The Most Dominant HIV Subtype Is Also the Weakest

There are different subtypes of the human immunodeficiency virus (HIV), and the one at the forefront of the epidemic is actually the one that replicates very slowly.

There are different subtypes of the human immunodeficiency virus (HIV), and the one at the forefront of the epidemic is actually the one that replicates very slowly.

Researchers from Western University in Canada conducted an international 15-year study to uncover the natural progression of HIV in patients without treatment. Nearly one in 25 people in sub-Saharan (about 4.4% of the population) are infected with HIV, according to the World Health Organization. So the analysis was conducted within that group.

The team followed 303 women in Uganda and Zimbabwe who were newly infected with HIV, as described in EBioMedicine. It turns out that one group of women progressed to acquired immunodeficiency syndrome (AIDS) status more slowly than the others. Almost all of those women were infected with an HIV-1 strain, called subtype C.

This specific HIV strain replicates very poorly and slowly, making it what the researchers call the “wimpiest” subtype. The strain had a 2.5-fold slower rate of CD4 T-cell declines, as well as higher frequencies of long-term non-progression than other subtypes.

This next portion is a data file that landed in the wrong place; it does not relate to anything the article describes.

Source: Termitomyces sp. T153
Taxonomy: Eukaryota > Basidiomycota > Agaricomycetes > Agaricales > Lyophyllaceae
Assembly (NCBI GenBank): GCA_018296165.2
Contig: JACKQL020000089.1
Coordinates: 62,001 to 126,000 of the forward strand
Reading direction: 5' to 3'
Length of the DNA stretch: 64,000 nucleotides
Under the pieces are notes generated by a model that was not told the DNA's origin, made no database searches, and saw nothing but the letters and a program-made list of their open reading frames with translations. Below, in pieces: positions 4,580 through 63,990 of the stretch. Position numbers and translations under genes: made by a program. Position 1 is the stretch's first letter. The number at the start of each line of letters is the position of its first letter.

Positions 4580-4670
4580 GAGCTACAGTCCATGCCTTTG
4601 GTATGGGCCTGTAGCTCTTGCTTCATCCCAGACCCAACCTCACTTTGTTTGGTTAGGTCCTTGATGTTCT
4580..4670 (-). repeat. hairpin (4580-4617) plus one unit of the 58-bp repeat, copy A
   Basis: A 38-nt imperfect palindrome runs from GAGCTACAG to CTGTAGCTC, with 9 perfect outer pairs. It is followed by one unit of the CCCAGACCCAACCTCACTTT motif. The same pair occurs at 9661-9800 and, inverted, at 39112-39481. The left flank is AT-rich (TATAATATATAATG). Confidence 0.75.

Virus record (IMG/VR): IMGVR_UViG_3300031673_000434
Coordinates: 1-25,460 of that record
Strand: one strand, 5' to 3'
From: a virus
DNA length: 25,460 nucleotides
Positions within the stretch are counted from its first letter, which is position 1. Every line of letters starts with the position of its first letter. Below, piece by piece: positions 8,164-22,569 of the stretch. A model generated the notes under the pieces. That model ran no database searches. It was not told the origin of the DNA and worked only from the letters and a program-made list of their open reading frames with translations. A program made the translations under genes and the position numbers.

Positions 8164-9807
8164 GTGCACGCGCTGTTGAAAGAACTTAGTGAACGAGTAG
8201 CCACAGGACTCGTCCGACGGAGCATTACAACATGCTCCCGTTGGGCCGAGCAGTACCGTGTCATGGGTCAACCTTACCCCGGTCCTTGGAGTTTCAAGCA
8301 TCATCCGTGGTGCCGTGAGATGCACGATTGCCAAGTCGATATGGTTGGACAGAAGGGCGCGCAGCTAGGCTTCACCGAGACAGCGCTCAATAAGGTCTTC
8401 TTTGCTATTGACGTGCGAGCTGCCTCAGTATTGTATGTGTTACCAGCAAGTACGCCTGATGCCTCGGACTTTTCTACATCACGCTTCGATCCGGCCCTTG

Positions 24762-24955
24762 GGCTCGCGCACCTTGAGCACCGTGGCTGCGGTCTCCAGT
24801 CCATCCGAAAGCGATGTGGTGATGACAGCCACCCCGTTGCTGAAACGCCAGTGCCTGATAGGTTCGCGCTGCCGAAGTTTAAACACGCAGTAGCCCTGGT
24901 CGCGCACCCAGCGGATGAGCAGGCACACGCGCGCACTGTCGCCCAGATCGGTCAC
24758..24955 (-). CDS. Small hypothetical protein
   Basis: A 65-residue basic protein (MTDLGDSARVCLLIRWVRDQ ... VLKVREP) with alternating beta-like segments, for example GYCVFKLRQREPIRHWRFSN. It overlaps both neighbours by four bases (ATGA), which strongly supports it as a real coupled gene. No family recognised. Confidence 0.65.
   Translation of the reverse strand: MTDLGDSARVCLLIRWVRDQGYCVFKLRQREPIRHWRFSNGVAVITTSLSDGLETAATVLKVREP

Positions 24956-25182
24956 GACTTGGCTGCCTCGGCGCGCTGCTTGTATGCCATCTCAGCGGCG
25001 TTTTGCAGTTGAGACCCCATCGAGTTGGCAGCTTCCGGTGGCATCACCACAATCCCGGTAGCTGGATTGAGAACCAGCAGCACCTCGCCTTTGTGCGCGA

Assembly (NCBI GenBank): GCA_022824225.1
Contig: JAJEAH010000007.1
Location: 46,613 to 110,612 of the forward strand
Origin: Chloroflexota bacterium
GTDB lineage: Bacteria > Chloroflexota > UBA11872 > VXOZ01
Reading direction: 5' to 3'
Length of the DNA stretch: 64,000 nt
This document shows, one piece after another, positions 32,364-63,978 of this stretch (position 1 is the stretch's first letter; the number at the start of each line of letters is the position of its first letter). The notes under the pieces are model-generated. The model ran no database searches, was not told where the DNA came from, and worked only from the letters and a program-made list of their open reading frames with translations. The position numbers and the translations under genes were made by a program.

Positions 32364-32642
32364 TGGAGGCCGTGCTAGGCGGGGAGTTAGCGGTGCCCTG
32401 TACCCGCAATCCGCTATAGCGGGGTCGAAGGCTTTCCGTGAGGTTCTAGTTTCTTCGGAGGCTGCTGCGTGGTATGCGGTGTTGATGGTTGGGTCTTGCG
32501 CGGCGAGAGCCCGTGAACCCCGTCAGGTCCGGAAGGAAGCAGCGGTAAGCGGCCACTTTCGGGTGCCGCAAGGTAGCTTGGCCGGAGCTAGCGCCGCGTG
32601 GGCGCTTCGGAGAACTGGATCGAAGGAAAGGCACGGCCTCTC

“Understanding that HIV subtype C is ‘wimpy’ is a difficult proposition because seeing it replicate poorly in tissue culture flasks does not mean that it will establish a slower infection in an infected individual. But that’s exactly what happens,” co-lead author, Eric Arts, PhD, chair of the Department of Microbiology & Immunology at Western University’s Schulich School of Medicine & Dentistry, said in a news release.

The interesting connection is that subtype C is actually the most dominant form of the virus in the world — infecting more than 15 million people. It is primarily found in Southern and Eastern Africa, India, Nepal, and parts of Brazil and China. Those infected with subtype A or D (which are also both dominate in Africa) in the study had faster disease activity.

“A lot of people see the dramatic growth of HIV subtype C and think it would be the strongest virus and that it’s beating all of the other subtypes but really, viruses are commonly transmitted, especially in southern and eastern Africa, in a period of asymptomatic disease,” said lead author, Colin Venner, a graduate student in Arts’ lab.

Since subtype C was found to be less virulent, this could be why it’s so prominent worldwide. People infected with HIV may not even know it, so they could be spreading the virus and possibly this less active strain.

“Unfortunately, we still don’t have a vaccine that is effective in protecting against HIV but in treatment, if we know a patient progresses very slow to disease and the virus is having a minimal impact on the immune system then all of the devastating consequences of delaying treatment, as we saw in North America, may not be as pronounced in patients infected with HIV subtype C,” Arts explained.

By knowing the virulence, Arts said, it can provide better information on how to treat different HIV subtypes.

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